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Sep 2, 2019

Slouch Beanie - Color Block


Here's a perfect crochet beanie for beginners. It's very easy and fun to do. You can definitely do this in one day. I actually finish this beanie while watching a SF Giants game on TV.  In this pattern tutorial, I will teach you some tricks like how to crochet a perfect circle and how to switch yarn seamlessly.


I use Caron Cake yarn a lot. They are so much fun and I just love the colors. So because of that, I ended up with a lot of Caron Cake yarn leftovers. Not enough to make anything out of it. And I 'm a crocheter that cannot and will not throw yarn leftovers away.  These are just some of my leftover yarns. I carefully separated them and when I say "carefully", I make sure they are not tangled and I can easily find the end and crochet without spending my whole day 

UN-tangling them.

CROCHET HOOK: H/8 - 5.0mm


- darning needle (to weave ends)

- scissors


I picked my 3 color block. You can do 2 color block if you have enough yarn or 5 color block if you have small amount of leftover yarn. Pretty much whatever you like.


We are going to be doing a half-double crochet stitch (hdc). For my crochet beginners, here's a quick tutorial for you.


Wrap the yarn over the hook.

Take the hook through the stitch.

You now have 3 loops in your hook.


Wrap the yarn over the hook again.

Draw the hook through the 3 loops.

Now let's start the basic circle pattern.

1)  Chain 4 to form a 4ing. do 7 hdc.

2)  Do not do a slip stitch. We're going to crochet our rounds continuously so we won't have any seams. 2 hdc in each stitch (14)

3)  1 hdc in the next stitch, 2 hdc in the next stitch. Repeat (21)

If you follow the traditional way of crocheting circles, the shape ends up octagon-y. To crochet a perfect shaped circle, don't place the increases on top of the increase from the previous round. So we're going to stagger our increases by starting the new round in different counts but still end up with the right number of stitches.  If you're count is wrong, your circle is going to curl up.

4)  2 hdc in the next stitch, hdc in the next 2 stitches. Repeat.  (28)

5)   hdc in the next 3 stitches, 2 hdc in the next stitch Repeat.  (35)

6)   hdc in the next 2 stitches, 2 hdc in the next stitch. (hdc in the next 4 stitches, 2 hdc in the next stitch), repeat. 2 hdc in the last 2 stitches. (42)

7)   2 hdc in the next stitch, hdc in the next 5 stitches. Repeat. (49)

8)   hdc in the next 3 stitches, 2 hdc in the next stitch. (hdc on the next 6 stitches, 2 hdc in the next stitch). Repeat. hdc in the last 3 stitches. (56)

9)   hdc in the next 6 stitches, 2 hdc in the next stitch. (hdc in the next 7 stitches, 2 hdc in the next stitch). Repeat. hdc in the last stitch. (63)


If you're crocheting this beanie for a person with a large size head, add more rows with the increases. Ending the increase in row 9 is a perfect size for a teenager. Even my 10 year old daughter fits her perfectly.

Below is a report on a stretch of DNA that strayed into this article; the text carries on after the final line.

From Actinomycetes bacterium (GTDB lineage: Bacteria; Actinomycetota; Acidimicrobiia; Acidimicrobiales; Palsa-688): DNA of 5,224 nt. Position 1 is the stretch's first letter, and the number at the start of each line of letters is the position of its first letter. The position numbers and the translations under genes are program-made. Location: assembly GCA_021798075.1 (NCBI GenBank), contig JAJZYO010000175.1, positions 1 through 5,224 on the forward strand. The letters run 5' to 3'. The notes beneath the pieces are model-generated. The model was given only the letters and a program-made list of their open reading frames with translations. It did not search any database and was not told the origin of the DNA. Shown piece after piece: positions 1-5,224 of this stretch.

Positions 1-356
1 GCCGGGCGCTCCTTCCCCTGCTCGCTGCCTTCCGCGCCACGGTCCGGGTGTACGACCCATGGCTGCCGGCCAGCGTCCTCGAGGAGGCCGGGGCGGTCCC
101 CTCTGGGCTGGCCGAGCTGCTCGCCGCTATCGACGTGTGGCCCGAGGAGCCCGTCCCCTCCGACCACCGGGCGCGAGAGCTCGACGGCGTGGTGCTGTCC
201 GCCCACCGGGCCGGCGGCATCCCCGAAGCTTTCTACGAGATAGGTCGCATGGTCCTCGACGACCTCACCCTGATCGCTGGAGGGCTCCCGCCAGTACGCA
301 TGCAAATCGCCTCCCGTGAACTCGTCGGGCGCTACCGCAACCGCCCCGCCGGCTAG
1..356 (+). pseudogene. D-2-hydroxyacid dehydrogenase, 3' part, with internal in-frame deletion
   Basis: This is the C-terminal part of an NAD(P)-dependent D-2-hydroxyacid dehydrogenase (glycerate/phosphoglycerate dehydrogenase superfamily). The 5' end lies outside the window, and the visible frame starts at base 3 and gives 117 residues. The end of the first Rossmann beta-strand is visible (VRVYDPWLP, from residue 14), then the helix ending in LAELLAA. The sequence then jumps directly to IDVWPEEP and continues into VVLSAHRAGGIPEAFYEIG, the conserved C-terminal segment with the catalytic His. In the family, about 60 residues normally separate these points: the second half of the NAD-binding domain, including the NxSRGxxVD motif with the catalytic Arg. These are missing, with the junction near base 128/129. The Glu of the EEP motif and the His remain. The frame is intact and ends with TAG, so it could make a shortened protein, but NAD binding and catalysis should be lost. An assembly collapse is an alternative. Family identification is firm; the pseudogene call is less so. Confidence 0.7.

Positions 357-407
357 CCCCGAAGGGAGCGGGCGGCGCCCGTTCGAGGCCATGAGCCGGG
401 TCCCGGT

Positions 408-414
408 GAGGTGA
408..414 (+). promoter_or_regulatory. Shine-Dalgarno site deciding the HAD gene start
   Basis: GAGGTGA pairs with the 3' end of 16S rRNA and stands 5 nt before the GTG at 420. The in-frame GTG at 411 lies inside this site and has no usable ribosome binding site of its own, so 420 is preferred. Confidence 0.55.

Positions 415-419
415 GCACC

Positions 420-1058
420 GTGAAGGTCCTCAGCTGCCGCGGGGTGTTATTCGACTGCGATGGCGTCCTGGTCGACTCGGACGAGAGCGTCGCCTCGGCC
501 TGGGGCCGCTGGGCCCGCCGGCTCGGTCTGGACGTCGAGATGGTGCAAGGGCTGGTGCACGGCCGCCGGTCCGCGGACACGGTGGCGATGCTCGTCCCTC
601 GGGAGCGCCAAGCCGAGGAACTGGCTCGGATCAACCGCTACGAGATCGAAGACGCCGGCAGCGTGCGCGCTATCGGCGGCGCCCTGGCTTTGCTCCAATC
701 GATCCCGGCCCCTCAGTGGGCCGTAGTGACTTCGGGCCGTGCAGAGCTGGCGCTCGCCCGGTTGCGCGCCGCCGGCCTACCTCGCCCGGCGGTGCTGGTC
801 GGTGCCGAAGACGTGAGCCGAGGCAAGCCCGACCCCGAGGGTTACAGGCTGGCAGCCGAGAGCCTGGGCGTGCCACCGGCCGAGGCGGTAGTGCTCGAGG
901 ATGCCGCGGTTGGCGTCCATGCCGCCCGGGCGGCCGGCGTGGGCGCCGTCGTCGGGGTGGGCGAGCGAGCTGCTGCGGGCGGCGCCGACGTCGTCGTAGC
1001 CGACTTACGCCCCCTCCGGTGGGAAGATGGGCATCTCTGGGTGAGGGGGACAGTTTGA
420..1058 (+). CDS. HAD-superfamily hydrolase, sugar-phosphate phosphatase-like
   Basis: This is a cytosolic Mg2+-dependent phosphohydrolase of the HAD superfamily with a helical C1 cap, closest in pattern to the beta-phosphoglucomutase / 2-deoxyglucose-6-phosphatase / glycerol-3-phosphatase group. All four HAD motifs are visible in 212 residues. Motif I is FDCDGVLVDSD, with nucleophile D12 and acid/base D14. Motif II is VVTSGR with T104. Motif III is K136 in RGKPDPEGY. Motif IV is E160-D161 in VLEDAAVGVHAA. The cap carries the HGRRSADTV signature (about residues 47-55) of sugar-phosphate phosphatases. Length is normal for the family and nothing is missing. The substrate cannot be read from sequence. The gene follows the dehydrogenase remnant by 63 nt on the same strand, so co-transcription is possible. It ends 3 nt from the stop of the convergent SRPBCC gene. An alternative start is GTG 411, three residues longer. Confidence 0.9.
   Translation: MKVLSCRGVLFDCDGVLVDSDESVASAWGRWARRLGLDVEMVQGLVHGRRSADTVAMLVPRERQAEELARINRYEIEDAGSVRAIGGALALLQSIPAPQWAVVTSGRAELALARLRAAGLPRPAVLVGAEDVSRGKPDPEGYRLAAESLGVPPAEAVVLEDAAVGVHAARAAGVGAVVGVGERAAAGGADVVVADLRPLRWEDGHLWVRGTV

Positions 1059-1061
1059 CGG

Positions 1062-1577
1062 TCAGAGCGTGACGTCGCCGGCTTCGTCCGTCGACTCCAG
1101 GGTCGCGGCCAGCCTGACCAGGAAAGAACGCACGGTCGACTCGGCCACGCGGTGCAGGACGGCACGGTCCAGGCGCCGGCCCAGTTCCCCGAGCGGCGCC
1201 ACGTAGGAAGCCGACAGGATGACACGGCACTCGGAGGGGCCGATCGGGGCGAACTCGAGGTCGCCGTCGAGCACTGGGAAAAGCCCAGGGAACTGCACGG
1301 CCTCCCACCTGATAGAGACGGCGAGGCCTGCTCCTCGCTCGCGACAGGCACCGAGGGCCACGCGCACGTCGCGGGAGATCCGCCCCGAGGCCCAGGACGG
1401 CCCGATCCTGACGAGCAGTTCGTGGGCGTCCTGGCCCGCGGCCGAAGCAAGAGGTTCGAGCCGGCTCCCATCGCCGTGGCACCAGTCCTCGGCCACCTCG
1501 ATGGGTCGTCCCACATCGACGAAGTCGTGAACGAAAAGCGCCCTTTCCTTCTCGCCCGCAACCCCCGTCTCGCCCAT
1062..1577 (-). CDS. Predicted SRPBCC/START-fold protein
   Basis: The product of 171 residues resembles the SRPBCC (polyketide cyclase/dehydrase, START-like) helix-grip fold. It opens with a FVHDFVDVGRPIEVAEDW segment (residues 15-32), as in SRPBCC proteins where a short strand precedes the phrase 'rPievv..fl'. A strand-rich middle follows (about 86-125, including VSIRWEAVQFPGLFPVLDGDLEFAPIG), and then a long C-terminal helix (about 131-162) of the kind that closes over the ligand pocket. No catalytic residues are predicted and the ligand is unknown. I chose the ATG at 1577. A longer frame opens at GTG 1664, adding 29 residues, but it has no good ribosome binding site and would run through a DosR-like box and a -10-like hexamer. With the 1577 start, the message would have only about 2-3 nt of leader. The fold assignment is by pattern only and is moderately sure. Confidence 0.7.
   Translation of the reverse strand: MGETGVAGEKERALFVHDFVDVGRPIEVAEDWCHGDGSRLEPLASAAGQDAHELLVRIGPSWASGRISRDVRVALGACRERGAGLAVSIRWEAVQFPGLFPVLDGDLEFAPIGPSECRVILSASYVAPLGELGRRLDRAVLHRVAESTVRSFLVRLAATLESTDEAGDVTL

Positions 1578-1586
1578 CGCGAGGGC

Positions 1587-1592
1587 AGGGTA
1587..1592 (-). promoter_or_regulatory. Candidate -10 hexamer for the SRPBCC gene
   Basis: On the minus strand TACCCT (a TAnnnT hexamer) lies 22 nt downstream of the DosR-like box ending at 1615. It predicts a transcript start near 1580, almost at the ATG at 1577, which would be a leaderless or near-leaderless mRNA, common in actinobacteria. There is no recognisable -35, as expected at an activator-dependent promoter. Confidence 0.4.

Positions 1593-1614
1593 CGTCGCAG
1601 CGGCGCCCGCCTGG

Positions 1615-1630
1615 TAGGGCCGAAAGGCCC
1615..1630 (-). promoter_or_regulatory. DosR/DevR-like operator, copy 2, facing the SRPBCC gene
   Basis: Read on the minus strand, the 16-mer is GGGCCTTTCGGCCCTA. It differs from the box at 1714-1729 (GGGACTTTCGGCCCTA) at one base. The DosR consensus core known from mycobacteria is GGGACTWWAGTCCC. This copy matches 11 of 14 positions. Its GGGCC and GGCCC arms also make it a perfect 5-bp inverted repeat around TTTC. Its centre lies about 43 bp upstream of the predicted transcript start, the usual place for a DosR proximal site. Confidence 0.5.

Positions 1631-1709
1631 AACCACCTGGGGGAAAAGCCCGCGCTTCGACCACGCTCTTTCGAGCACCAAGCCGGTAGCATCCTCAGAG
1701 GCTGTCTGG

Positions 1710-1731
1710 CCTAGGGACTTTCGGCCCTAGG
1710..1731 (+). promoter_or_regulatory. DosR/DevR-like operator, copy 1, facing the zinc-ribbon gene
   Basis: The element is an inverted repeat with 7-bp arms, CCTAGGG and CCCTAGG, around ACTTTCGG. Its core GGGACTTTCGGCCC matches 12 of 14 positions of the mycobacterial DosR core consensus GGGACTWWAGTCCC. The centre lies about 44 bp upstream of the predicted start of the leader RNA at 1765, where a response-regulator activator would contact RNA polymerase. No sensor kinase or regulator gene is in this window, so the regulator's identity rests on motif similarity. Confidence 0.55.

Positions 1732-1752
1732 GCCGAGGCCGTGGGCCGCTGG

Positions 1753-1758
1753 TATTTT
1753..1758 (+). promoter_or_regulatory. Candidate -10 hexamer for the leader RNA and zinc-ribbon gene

This is also the best time to switch colors. Although you can switch on any row you want. It all depends on how wide your block will be.

The traditional way to switch yarn is where you grab the new yarn after you work on the last stitch... in hdc is when you have the 3 loops in your hook then yarn over the new yarn through.  But in a continuous round, it makes the switch so obvious. We want to make the switch seems invisible. So here's my trick.

Finish the row with a slip stitch then cut the yarn with your scissors.

old switch2.jpg
new switch1.jpg

Draw the yarn through the hoop and pull it to tightened the knot.

new switch7.jpg

Grab the new yarn and do a slip stitch on the 3rd stitch before the end of the knot.

new switch3.jpg

Do a hdc on the same spot of the slip stitch.

new switch4.jpg

Continue doing the hdc as normal.

new switch5.jpg

And when you complete the row, just crochet over the previous row including the slip stitch or else there's going to be a gap.

new switch8.jpg
new switch6.jpg

I don't know about you but i can't hardly tell where the switch is.

Do the same process when you switch to the third color. I switched in the 18th row.

new switch9.jpg

The more rows you make the more your beanie will slouch. This beanie is pretty much considered a semi-slouch. So you are welcome to add more rows if you like. I finished the hdc row at 27. End it with a slip stitch then continue another row with a single crochet stitch.


Once you finish your first row of single crochet, continue another row but this time do the single crochet doing it with back loop only (BLO).

Do this for 2 more rows.


We are done with our beanie! See how easy that was!

It's the simplest beanie pattern but we made it look fun and made it POP!

These are perfect Christmas stocking stuffers for kids, tweens and teenagers. 

Here are some samples of beanies I made with my other Caron Cake leftovers. I even used some of Lion Brand Big Ice Cream Scoop yarn.


Thank you for visiting PopCrochet! If you love this pattern, feel free to use it in your own crochet creations, whether for gifts or sale, with an attribution link to this page when posting online. Please do not resell or distribute this pattern in physical or digital form, and when you do make this pattern and decide to share it, please make sure to tag me on  Instagram so I can check out what you made!

Happy Crocheting!

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